Even though my last post was also a critique of Peter Enns, I promise that this blog will be more than just an avenue through which I can critique Enns. However, I would like to say a few words about a post he wrote earlier this month, “Why I Don’t Believe in God Anymore.” I should start by saying that we shouldn’t be worried about the title of that post. Even though Enns says he doesn’t believe in God anymore, it’s clear that he does. He just doesn’t recognize that his trust in God requires believing in God. But we’re getting slightly ahead of ourselves. Before we get to what’s wrong with the ideas he expresses, let’s take a look at them first.
To start, Enns explains what he means by ‘belief in God’. He writes, “‘Belief’ in God connotes–at least as I see it–a set of ideas about God that may, if time allows, eventually make their way to other parts of my being.” This—at least as I see it—is pretty much right, but Enns is unhappy with such a claim because he sees “the Bible focusing a lot more on something far more demanding [than having correct beliefs about God]: trust.” Now with this I completely agree. After all, “Even the demons believe [that God is one]—and shudder” (James 2:19). I’m even in agreement with him when he says there is a “huge difference between I believe in a God who cares for me and I trust God at this particular moment.”
So what, then, is the problem with Enns’s post? The main problem I see with it is that it rests on the mistaken assumption that belief in God and trusting God are mutually exclusive. If that were not his view, then it’s not clear why he’d need to title his post “Why I Don’t Believe in God Anymore.” It’s as if he must stop believing in God so that he can now trust him. This is clearly mistaken and it’s easy to see why. First, to “trust God” you must at least “believe that God exists.” If you say to someone, “I trust God at this particular moment” and he responds by saying, “Why are you bothering with trusting in something that doesn’t even exist?” how could you respond without advancing your beliefs about God? It’s not clear that you can.
But there’s more to it than that. Even if the person above responded with a simple, “Why?” you’re going to have to resort to expressing your beliefs in God. That is, you’re going to have to respond by not only noting that you believe God exists, but also that you believe certain things about God—namely that he is trustworthy. Let’s borrow one of Enns’s examples to illustrate this. Consider the leadership-retreat favorite—trust falls. It’s true that these aren’t called “belief falls,” but who is going to participate in a trust fall without having reasons (i.e., beliefs) to trust those that are supposed to catch them?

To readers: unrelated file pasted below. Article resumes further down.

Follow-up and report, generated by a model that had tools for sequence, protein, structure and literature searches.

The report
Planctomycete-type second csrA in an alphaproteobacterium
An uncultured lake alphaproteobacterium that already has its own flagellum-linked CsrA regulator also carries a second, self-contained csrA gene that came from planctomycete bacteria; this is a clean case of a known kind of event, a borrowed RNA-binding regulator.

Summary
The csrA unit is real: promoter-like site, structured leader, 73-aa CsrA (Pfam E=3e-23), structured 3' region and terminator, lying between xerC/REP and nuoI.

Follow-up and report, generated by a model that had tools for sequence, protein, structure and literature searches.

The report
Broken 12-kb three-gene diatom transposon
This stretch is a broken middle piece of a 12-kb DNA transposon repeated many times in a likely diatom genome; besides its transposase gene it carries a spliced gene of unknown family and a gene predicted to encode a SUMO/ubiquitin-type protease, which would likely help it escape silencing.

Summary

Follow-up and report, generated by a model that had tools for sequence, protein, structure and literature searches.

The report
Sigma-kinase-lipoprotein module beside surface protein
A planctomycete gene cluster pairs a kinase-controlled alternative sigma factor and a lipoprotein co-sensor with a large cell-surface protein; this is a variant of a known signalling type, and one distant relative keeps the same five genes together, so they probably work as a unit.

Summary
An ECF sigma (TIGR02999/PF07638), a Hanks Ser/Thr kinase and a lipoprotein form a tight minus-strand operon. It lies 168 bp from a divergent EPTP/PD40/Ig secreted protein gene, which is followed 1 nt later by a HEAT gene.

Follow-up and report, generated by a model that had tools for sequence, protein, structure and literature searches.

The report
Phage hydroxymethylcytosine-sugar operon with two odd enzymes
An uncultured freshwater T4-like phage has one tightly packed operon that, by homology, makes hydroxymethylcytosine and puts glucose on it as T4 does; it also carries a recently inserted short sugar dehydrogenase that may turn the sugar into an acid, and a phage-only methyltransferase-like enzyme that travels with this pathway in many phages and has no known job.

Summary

Here one might object by making a distinction between “believing in God” (what Enns rejects) and “beliefs about God” (which, presumably, Enns would still want to employ). The problem is that such a distinction seems to be something Enns would have to reject given his understanding of “belief in God.” Recall that he takes that phrase to include, “a set of ideas about God that may eventually make their way to other parts of my being.” Presumably included in one’s set of ideas about God will be something like, “God exists” and “God is trustworthy.” If you reject belief in God, which includes a rejection of these sorts of idea about God, then you’ve rejected all reasons to trust God in the first place.
So, Enns is right that God cares more about trust than he does about mere belief. But embracing that truth simply doesn’t require one to reject belief altogether. Keeping this idea in mind is important given the historical problem the American church (at least) has had with anti-intellectualism. It’s ironic, given that he’s a well known academic, that Enns’s post could be used to justify that continued commitment to anti-intellectualism about one’s faith. When you throw out “belief”, you through out the need for careful Christian philosophy, theology, biblical studies, etc. Because I doubt Enns would want to discourage the church from such careful reflection, it seems likely he’s not all that serious about giving up belief in God. Let’s hope so.